Synthetic Pleasures: Production Notes

How did it start?

SP started in Japan, summer 93. The director was studying in Korea and read about the amazing indoor beaches and indoor ski resorts in Japan and decided to gather footage for a short film on these controlled environments. She later got so involved with the subject that she decided to expand the film into a full length version adding sections on synthetic bodies, minds and the impact of modern technologies on our culture.

Material for the film came from original 16mm footage (45 hours’ worth), original Hi-8 video footage, 3D0 games, internet downloads, 3rd source computer animation, and archival footage. The final film is a 35mm blowup, with dolby A sound.

Shot on location in Yokohama, Tokyo, Miyazaki, New York, Boston, Las Vegas, Orlando, San Francisco, Walnut Creek, San Jose, Berkeley, San Diego, Los Angeles, and Detroit.

Time frame of production: 2 years (summer 93-95).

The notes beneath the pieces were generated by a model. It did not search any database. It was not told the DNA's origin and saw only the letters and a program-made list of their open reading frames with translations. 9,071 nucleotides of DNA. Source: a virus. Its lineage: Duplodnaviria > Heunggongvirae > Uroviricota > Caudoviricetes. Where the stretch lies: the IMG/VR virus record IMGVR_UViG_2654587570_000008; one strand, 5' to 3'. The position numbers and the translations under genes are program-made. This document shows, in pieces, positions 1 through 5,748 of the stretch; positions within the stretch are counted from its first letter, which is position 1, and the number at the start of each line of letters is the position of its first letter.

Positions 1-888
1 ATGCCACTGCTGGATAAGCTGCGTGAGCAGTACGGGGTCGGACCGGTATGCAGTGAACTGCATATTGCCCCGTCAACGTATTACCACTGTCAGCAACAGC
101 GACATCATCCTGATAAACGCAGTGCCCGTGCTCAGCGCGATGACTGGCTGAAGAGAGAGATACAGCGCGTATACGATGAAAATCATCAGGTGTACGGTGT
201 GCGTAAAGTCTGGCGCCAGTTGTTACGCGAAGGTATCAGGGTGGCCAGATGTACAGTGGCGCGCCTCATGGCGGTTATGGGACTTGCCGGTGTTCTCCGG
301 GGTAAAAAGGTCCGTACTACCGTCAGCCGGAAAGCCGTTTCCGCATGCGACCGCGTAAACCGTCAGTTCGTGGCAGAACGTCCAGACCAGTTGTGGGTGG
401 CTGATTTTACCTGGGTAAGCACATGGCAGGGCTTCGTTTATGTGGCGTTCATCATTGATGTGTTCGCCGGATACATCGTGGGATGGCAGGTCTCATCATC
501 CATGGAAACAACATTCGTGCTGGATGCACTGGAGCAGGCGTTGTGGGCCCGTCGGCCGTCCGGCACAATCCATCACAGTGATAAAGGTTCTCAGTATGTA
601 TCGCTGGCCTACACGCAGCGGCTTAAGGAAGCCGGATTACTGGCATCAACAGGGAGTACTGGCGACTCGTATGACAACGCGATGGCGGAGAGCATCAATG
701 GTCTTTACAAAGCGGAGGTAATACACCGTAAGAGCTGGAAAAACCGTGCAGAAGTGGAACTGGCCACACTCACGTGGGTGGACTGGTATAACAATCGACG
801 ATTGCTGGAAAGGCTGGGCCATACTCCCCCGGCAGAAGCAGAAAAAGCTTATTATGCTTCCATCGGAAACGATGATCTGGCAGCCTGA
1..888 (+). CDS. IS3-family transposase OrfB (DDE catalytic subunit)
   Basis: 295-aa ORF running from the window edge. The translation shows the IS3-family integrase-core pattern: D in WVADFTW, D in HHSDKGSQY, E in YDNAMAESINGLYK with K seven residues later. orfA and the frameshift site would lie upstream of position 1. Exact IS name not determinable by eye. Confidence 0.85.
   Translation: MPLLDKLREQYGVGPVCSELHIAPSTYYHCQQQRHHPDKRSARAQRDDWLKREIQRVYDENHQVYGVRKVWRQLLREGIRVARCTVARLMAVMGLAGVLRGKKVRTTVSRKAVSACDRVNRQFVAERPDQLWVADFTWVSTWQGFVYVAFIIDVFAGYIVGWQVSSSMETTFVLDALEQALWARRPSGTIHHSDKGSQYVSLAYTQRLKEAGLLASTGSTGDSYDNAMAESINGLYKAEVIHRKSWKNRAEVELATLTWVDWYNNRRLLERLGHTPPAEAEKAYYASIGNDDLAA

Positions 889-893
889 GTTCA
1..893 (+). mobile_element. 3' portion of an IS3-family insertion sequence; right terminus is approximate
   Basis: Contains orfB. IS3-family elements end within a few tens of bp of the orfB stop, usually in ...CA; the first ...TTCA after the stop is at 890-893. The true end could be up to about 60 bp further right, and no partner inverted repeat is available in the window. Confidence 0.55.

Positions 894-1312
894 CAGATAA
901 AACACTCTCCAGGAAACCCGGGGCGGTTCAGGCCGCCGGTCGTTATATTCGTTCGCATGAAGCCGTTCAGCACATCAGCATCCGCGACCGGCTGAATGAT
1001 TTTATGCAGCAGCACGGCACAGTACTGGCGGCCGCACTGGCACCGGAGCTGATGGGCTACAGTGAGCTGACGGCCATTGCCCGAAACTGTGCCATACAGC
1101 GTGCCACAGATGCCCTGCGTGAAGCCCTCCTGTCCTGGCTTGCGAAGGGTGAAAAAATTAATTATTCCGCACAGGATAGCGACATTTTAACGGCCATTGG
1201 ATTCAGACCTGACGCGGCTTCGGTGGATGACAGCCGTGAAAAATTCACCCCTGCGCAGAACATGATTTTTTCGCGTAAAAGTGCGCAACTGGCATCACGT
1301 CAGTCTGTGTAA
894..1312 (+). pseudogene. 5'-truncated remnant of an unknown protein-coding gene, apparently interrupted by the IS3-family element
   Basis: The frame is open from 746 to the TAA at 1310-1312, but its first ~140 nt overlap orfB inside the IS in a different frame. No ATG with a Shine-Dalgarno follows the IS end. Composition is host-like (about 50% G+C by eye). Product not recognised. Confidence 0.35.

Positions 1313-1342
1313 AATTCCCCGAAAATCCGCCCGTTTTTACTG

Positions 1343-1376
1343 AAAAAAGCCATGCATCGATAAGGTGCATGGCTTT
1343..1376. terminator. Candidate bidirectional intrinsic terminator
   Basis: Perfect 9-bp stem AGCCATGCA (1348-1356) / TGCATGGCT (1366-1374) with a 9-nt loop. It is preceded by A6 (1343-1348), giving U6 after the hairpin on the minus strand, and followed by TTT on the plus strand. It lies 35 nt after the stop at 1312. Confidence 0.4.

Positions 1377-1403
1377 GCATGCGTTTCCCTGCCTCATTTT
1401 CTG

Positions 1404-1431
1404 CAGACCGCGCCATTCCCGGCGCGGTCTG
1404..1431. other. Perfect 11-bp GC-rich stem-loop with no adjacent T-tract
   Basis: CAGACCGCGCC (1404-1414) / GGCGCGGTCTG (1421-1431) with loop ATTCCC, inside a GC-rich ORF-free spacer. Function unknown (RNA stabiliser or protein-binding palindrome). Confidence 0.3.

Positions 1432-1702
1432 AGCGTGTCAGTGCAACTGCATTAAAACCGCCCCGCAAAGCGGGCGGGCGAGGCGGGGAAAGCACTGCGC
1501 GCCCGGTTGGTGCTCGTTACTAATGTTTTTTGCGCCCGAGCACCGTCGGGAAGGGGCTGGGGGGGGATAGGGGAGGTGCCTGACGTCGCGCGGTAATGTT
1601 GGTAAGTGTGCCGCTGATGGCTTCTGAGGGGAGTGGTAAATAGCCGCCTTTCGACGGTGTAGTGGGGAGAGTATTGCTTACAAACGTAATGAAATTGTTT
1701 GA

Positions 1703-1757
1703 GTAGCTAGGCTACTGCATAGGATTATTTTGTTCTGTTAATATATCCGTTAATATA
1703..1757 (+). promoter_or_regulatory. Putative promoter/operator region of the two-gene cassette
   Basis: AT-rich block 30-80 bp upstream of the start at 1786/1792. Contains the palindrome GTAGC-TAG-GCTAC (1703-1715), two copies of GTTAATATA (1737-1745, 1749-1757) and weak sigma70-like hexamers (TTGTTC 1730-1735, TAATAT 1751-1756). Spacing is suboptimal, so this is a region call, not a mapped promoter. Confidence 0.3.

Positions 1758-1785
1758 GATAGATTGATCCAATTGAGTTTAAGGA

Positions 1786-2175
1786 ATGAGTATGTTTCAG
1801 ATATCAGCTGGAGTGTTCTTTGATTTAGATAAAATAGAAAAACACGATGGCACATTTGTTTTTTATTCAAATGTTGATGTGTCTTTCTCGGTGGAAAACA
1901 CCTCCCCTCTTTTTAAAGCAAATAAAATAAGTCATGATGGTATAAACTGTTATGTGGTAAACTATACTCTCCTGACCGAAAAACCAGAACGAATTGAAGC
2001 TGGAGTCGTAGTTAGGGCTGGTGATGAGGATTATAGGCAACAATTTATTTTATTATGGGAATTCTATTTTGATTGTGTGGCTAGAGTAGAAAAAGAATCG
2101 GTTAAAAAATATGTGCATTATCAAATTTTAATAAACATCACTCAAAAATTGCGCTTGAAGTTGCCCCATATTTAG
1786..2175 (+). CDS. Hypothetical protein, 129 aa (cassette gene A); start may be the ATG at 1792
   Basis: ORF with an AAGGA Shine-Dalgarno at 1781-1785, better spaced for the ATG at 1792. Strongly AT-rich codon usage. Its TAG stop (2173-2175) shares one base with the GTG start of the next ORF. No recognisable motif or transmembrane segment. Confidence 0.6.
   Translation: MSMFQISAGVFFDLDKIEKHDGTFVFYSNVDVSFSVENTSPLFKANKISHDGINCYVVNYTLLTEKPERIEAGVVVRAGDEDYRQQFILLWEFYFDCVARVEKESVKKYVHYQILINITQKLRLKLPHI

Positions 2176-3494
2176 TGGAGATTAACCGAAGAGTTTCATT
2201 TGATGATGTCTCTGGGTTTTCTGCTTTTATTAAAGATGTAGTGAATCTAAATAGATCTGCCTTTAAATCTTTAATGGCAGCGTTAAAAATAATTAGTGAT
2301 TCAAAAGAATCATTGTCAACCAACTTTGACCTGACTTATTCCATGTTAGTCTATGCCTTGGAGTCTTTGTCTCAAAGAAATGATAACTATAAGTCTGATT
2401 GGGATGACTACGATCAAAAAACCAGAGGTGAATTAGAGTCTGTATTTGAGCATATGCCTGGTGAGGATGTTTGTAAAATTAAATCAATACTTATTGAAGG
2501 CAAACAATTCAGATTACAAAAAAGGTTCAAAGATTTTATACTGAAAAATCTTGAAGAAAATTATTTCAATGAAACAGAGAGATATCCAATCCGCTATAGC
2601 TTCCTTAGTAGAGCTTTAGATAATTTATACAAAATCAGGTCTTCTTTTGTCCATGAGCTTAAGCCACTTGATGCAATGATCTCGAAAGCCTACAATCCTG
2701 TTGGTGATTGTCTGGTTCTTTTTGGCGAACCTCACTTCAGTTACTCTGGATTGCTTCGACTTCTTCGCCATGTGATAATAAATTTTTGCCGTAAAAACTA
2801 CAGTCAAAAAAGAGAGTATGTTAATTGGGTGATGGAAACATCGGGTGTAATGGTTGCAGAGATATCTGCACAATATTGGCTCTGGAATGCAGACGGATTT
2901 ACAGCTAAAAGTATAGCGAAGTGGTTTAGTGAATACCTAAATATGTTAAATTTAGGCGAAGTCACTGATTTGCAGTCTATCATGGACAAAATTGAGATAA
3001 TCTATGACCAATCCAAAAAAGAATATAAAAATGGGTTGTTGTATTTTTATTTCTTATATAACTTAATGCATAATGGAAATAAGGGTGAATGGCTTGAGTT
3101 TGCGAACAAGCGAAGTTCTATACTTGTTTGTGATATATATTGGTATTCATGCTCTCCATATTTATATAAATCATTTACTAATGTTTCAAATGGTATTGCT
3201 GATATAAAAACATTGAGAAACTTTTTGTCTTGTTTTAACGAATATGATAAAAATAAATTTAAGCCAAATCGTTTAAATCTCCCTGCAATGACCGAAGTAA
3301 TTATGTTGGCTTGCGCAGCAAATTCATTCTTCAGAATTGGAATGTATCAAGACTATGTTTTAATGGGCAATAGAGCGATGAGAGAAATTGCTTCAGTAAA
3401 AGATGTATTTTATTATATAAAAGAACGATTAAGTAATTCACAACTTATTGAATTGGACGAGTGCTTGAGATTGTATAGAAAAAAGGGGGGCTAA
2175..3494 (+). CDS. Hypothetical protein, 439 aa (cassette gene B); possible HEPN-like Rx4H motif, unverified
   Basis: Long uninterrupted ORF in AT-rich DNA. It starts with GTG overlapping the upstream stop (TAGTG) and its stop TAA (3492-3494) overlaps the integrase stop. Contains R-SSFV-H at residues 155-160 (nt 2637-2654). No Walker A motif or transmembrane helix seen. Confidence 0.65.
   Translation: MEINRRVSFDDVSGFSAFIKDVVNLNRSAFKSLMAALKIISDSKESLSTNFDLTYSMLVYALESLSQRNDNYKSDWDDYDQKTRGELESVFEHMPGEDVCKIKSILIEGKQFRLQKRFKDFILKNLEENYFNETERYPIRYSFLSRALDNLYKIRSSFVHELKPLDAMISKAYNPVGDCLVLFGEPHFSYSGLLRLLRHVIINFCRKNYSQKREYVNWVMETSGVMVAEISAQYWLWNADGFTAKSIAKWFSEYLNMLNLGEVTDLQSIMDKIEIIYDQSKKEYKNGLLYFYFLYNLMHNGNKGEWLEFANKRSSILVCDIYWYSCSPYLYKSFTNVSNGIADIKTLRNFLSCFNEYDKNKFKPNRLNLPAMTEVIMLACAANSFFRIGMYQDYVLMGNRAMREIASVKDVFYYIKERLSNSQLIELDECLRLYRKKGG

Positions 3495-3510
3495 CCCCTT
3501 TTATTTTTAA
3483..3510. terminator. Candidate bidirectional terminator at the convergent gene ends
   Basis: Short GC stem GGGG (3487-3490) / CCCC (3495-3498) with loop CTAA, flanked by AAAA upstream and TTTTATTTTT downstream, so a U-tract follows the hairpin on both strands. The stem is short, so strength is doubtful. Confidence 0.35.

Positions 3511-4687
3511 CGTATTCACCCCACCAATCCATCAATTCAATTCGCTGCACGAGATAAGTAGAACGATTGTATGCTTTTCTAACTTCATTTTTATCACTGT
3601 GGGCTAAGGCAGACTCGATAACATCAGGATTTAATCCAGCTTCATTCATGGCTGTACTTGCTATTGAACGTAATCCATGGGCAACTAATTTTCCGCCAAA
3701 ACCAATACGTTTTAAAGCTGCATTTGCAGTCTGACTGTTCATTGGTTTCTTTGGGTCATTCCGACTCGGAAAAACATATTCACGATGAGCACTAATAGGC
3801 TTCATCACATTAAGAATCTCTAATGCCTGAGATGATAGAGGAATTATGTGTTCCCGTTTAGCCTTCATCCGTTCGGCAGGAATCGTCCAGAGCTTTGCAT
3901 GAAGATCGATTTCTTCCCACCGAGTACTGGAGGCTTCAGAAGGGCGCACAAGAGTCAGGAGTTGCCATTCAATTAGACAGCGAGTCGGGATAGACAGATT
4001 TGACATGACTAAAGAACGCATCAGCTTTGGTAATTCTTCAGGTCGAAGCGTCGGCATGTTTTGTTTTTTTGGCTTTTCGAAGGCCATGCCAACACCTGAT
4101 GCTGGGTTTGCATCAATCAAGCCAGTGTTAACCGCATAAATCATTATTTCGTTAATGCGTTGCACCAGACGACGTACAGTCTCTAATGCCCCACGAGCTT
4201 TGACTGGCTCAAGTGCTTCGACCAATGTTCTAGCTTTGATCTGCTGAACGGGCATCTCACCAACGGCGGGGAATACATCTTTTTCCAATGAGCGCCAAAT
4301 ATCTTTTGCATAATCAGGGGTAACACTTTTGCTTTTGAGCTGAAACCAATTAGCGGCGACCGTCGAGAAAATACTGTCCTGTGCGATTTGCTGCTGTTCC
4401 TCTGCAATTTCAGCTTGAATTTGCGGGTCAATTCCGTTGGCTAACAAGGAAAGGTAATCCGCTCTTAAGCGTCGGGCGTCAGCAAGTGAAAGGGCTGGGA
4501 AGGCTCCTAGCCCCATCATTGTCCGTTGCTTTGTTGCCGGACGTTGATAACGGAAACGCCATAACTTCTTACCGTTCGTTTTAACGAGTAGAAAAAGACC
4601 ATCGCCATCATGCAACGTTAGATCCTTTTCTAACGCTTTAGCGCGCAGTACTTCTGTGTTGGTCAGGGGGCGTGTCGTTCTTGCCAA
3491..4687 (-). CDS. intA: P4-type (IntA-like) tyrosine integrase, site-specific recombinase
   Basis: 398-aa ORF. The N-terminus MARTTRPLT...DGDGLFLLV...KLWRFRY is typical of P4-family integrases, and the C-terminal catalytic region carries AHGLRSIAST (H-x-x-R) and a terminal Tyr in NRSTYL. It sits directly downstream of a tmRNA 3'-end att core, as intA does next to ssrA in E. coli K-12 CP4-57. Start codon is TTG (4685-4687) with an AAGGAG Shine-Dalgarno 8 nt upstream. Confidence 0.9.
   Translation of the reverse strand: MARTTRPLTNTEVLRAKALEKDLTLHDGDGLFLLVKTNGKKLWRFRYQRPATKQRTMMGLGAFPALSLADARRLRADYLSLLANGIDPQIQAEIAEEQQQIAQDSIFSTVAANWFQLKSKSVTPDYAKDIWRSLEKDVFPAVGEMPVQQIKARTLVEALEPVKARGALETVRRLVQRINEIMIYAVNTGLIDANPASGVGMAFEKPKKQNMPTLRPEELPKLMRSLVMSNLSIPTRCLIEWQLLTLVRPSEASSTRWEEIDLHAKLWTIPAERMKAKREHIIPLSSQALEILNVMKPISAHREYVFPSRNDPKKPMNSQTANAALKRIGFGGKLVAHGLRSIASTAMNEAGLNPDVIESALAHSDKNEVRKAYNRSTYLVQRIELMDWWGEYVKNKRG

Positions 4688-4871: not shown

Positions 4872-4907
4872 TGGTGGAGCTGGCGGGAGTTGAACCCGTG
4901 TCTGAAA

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These images show a series of collaborative portraits, featuring embroidery by women unable to leave their homes in India due to their husbands or fathers, some of whom are domestic abuse survivors. The works are from a project called “Nā́rī” by Indian artist Spandita Malik, a finalist for the Inge Morath Award from the Magnum Foundation. Malik’s practice involves expanded documentary with the idea of decolonizing the aesthetic surrounding documentary photography in India.Our sister foundation, the Cultures of Resistance Network, has been proud to support the Magnum Foundation in the past, including their efforts to amplify socially-conscious photographers from the Global South. The Magnum Foundation’s Inge Morath Award is a grant made each year to a woman or nonbinary photographer under the age of 30 to support the completion of a long-term documentary project. ... See MoreSee Less
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